Invercargill

A stress-free LTP: spotlight on Southland

Councils nationwide have begun preliminary work scoping out key issues for their 2018 Long-Term Plan – a document that sets out each Council’s intentions for the next decade.  The LTP process is an arduous one that puts the focus on localised issues affecting infrastructure, business and community development across all townships and communities within each territorial authority.

For hardworking council staff, the granularity of data required to complete this exercise adds to the stress of the work.  Not only must staff understand the size and state of their council’s existing asset footprint, but they must understand how the economic and demographic context of each community differs within their jurisdiction.

The types of questions we frequently hear at Infometrics include:

  • Which towns, suburbs and rural communities in my area are expanding/contracting in terms of economic and employment prospects?
  • How does this growth compare with history and with other parts of the district?
  • Which industries are creating jobs and where are they in the district?
  •  Are changes in jobs prospects affecting population growth around the district?

To help answer these questions, we have developed small area profiles that give decision makers in the provinces the ability to get detailed economic and labour market insights of each small area within their jurisdiction.  In an upcoming refresh of the small area profiles, we will also begin including demographic data.

These profiles can help provide the necessary evidence basis for any significant planning and infrastructure decisions in your LTP.

Southland District: A Case Study

Southland District provides an interesting case study for teasing out sub-district insights from Infometrics small area profiles.

Over the past decade Southland District has confounded predictions by Statistics New Zealand that its population would decline.

Instead, off the back of improving job prospects throughout the primary, manufacturing and tourism sectors, Southland District’s population grew from 29,200 in 2006 to an estimated 30,900 in 2016.

Nevertheless, economic prosperity and population growth were not spread evenly throughout the district, with some communities thriving, while others were sluggish.

For example, the populations of Riverton, Te Anau, Winton, and Edendale grew from a combined 6,930 in 2006 to an estimated 7,420 by 2016.

But over the same period, the populations of struggling towns such as Nightcaps, Ohai, Otautau and Tuatapere declined from a combined 2,050 in 2006 to an estimated 1,910 in 2016.

A lack of job prospects in parts of South-Western Southland and the effects of aging populations were key factors behind these diverging sub-district trends.

Infometrics small area profiles allow us to tease out employment insights in these areas in more detail.

Over the past three years, job numbers in Southland District grew by an average of 1.5%pa, just below nationwide growth of 2.4%pa.

There were 17,292 jobs in Southland District in 2016, compared to 16,545 jobs in 2013.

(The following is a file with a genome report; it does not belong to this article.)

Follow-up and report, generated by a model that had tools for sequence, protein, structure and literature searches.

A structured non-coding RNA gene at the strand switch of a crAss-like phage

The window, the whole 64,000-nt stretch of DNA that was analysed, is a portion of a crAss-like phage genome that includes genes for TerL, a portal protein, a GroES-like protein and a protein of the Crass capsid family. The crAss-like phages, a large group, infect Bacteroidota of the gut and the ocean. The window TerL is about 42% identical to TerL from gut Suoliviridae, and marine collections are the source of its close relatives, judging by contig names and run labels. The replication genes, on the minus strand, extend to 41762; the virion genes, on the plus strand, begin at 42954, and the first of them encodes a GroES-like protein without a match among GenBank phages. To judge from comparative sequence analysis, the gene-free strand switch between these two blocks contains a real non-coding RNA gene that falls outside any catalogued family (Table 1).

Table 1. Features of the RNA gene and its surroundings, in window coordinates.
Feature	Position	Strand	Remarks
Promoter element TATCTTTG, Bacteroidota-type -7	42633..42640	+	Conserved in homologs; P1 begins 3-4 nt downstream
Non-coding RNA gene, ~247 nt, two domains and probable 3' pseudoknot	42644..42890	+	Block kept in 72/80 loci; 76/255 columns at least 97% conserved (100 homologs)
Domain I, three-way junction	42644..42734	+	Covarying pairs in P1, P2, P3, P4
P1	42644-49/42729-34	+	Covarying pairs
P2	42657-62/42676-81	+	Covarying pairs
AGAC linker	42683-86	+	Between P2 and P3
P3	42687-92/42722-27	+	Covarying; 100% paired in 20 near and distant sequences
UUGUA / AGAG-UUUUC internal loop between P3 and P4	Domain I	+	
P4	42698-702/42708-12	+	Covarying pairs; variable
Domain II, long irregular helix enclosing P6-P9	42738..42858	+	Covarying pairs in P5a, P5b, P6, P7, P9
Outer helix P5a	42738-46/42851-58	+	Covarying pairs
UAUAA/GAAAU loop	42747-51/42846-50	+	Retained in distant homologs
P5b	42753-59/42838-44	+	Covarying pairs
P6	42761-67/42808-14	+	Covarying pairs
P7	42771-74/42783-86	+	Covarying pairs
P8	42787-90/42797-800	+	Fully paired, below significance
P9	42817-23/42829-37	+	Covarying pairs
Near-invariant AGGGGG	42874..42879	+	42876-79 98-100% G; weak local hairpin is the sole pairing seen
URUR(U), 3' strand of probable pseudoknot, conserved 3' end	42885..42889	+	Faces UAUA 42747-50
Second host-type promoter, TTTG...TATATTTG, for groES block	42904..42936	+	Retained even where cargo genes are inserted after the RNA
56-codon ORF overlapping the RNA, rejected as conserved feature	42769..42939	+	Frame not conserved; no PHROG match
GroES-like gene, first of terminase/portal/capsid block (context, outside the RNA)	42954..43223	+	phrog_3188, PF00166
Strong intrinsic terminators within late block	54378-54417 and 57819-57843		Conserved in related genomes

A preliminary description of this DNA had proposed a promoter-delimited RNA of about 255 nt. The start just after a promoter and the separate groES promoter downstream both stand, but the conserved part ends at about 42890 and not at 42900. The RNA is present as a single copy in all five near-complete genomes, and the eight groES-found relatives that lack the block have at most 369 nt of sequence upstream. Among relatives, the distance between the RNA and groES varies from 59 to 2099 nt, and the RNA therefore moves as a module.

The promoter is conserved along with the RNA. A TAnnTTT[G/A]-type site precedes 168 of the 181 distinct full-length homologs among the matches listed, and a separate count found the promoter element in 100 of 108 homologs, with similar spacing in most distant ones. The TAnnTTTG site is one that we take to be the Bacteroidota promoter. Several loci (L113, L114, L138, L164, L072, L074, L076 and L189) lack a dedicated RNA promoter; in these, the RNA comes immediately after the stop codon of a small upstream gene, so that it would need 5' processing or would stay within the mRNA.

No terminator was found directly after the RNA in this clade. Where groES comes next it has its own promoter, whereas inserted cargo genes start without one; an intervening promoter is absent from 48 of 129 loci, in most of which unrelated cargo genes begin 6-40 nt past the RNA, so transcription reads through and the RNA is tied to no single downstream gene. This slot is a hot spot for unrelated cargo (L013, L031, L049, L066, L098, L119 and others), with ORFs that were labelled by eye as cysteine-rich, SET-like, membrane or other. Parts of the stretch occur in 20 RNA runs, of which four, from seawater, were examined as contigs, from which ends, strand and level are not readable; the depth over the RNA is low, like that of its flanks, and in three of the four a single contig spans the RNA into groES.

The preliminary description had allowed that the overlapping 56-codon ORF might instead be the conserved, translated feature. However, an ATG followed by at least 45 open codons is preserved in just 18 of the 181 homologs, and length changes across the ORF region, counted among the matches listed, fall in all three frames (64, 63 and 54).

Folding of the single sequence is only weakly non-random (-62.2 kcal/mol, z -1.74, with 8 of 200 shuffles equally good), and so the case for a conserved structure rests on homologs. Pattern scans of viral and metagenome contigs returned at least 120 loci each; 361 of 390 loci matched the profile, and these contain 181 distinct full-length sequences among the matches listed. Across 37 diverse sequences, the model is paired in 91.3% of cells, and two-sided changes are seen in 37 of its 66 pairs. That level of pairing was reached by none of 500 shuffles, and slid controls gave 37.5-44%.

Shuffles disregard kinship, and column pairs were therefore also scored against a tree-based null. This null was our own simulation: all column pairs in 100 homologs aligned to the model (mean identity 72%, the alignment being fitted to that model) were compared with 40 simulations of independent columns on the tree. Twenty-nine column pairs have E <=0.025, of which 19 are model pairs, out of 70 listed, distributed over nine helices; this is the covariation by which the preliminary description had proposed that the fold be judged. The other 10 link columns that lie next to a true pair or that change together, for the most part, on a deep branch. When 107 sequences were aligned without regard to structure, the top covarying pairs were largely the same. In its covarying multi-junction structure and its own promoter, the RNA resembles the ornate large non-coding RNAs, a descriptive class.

But as with population growth, this job growth was not evenly spread throughout the district.

Job numbers in Te Anau grew by an average of 3.5%pa over the three years to 2016 due to soaring tourism activity, while employment in Winton grew at a healthy rate of 3.1%pa over the same period.

Employment in Edendale soared more than 50% in 2010/11 following an expansion of Fonterra’s dairy factory and has continued to creep higher, with job numbers rising by an average of 1.3%pa over the past three years.

At the other end of the spectrum, employment prospects in Nightcaps, Ohai, Otautau and Tuatapere have continued to deteriorate, falling by an average of 0.8%pa between 2013 and 2016. A range of industries declined as demand in these communities weakened following the cumulative effects of severe job losses in the wood processing and mining sectors over the past couple of decades.

To put the situation of these towns in South-Western Southland in perspective, in 2004 there were more than 1,000 jobs in these towns, but that number is now well below 700.

The table above summarises these employment trends in Southland District, along with the name of the biggest employing industry in each township.

What about your area?

The Southland District case study described above, highlights the challenges faced by councils when considering sub-district issues during LTP process.

Remember you are not alone when dealing with these issues – so don’t go reinventing the wheel unnecessarily.

Infometrics small area profiles are helping a range of councils nationwide come to grips with the ins and outs of their local economy.

For example, profiles of Queenstown and Wanaka help Queenstown Lakes District Council understand the complex planning challenges of explosive growth in two very different towns.

We also help the capital city understand how jobs growth in Wellington’s CBD compares to the performance of Wellington City as a whole.

At the other end of the county, Far North District Council has access to profiles of its community boards, which help staff understand the composition of growth in Bay of Islands-Whangaroa and the challenges faced in Kaikohe-Hokianga.

At Infometrics, we can make sure that you and your team have the necessary frameworks in place to support your LTP work over the coming year.

 

If you have any questions regarding how you can better understand the communities within your district, then please contact Benje Patterson (benjep@infometrics.co.nz) for more details.

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